Michele's experiences see him journey from an innocent child to a perceptive, wiser and more intelligent young man. The systematic destruction of his childhood innocence is a direct result of the cruel actions and betrayals by the people around him. With each action and betrayal more damaging than the last. It is not until the final moments that whatever remains of Michele's innocence is finally destroyed by the cruelty of his very own father. The one person he trusted and loved the most, the man he believed "Was the boss of Acqua Traverse." (p.84)
Michele's innocence is present with the certain thought that the only real threats to children were creatures of dreams and his imagination, as he says "I knew witches met at night in abandoned houses and had parties and if you joined in you went mad and that ogres ate children." (p.43) His interpretation of his mothers warning "Be careful, Michele, you mustn't go out at night. When it's dark the bogeyman comes out and takes the children away and sells them to the gypsies," (p.87) was the innocent belief that "Gypsies were elf-like creatures that moved very quickly, with foxes' ears and chickens' feet." (p.87)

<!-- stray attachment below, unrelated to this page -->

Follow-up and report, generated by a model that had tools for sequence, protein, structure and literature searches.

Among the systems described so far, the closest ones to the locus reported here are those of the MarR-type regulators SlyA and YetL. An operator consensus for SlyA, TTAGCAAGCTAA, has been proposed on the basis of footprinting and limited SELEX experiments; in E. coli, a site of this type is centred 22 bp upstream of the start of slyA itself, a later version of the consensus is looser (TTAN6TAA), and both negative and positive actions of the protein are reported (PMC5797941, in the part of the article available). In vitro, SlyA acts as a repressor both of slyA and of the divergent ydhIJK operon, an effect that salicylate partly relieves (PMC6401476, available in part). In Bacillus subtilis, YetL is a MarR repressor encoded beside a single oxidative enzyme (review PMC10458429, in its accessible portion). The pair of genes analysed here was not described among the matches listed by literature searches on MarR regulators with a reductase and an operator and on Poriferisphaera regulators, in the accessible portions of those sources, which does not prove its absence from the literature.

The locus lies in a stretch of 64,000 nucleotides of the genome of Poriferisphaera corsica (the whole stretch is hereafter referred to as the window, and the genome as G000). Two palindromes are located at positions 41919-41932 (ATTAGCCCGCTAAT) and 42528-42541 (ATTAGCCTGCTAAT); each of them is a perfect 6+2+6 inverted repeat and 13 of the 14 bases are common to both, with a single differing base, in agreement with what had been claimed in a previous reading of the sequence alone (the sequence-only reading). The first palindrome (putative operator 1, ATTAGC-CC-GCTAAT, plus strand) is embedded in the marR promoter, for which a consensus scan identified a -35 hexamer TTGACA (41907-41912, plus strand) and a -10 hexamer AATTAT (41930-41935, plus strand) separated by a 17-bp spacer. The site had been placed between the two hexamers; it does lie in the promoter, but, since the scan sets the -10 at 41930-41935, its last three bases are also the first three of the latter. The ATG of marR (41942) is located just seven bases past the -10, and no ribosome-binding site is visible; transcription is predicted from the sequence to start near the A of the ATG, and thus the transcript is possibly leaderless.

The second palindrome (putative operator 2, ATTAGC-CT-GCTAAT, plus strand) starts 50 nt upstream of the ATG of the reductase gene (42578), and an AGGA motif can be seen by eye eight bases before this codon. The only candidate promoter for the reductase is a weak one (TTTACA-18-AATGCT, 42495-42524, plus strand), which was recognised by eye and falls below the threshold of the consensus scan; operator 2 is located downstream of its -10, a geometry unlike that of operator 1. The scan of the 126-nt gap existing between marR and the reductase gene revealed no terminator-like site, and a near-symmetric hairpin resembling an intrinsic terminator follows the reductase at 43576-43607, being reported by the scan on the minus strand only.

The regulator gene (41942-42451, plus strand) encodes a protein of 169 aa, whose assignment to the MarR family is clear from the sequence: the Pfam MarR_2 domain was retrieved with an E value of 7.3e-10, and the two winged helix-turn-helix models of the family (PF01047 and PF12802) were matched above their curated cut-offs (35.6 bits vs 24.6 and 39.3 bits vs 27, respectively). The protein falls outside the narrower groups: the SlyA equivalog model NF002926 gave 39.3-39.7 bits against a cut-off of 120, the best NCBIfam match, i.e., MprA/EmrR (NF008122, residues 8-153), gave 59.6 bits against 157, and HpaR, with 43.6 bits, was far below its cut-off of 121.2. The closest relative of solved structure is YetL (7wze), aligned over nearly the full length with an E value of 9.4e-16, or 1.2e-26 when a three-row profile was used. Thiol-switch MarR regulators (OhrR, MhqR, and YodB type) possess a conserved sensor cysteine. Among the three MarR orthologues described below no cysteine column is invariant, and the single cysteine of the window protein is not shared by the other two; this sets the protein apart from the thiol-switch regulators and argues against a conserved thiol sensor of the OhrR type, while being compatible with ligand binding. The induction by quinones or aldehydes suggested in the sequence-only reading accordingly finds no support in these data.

The destruction of Michele's innocence begins when his perceptions of his father are seriously challenged; he says "I felt as I'd been stabbed in the side. Nobody had ever talked to papa like that. Papa was the boss of Acqua Traverse." (p.84) Even more shattering was the realisation that his father was actually one of those "men" he had warned him about, "It's men you should be afraid of, not monsters" (p.49) and that; "It had been papa and the others who had taken the boy away from that lady on television." (p.87) Michele soon realises his innocent belief that gypsies were elf-like creatures was not true and that in fact "They were really just ordinary people." (p.87) Michele also perceives that "Papa was the bogeyman. By day he was good, but at night he was bad," and that "All the others...
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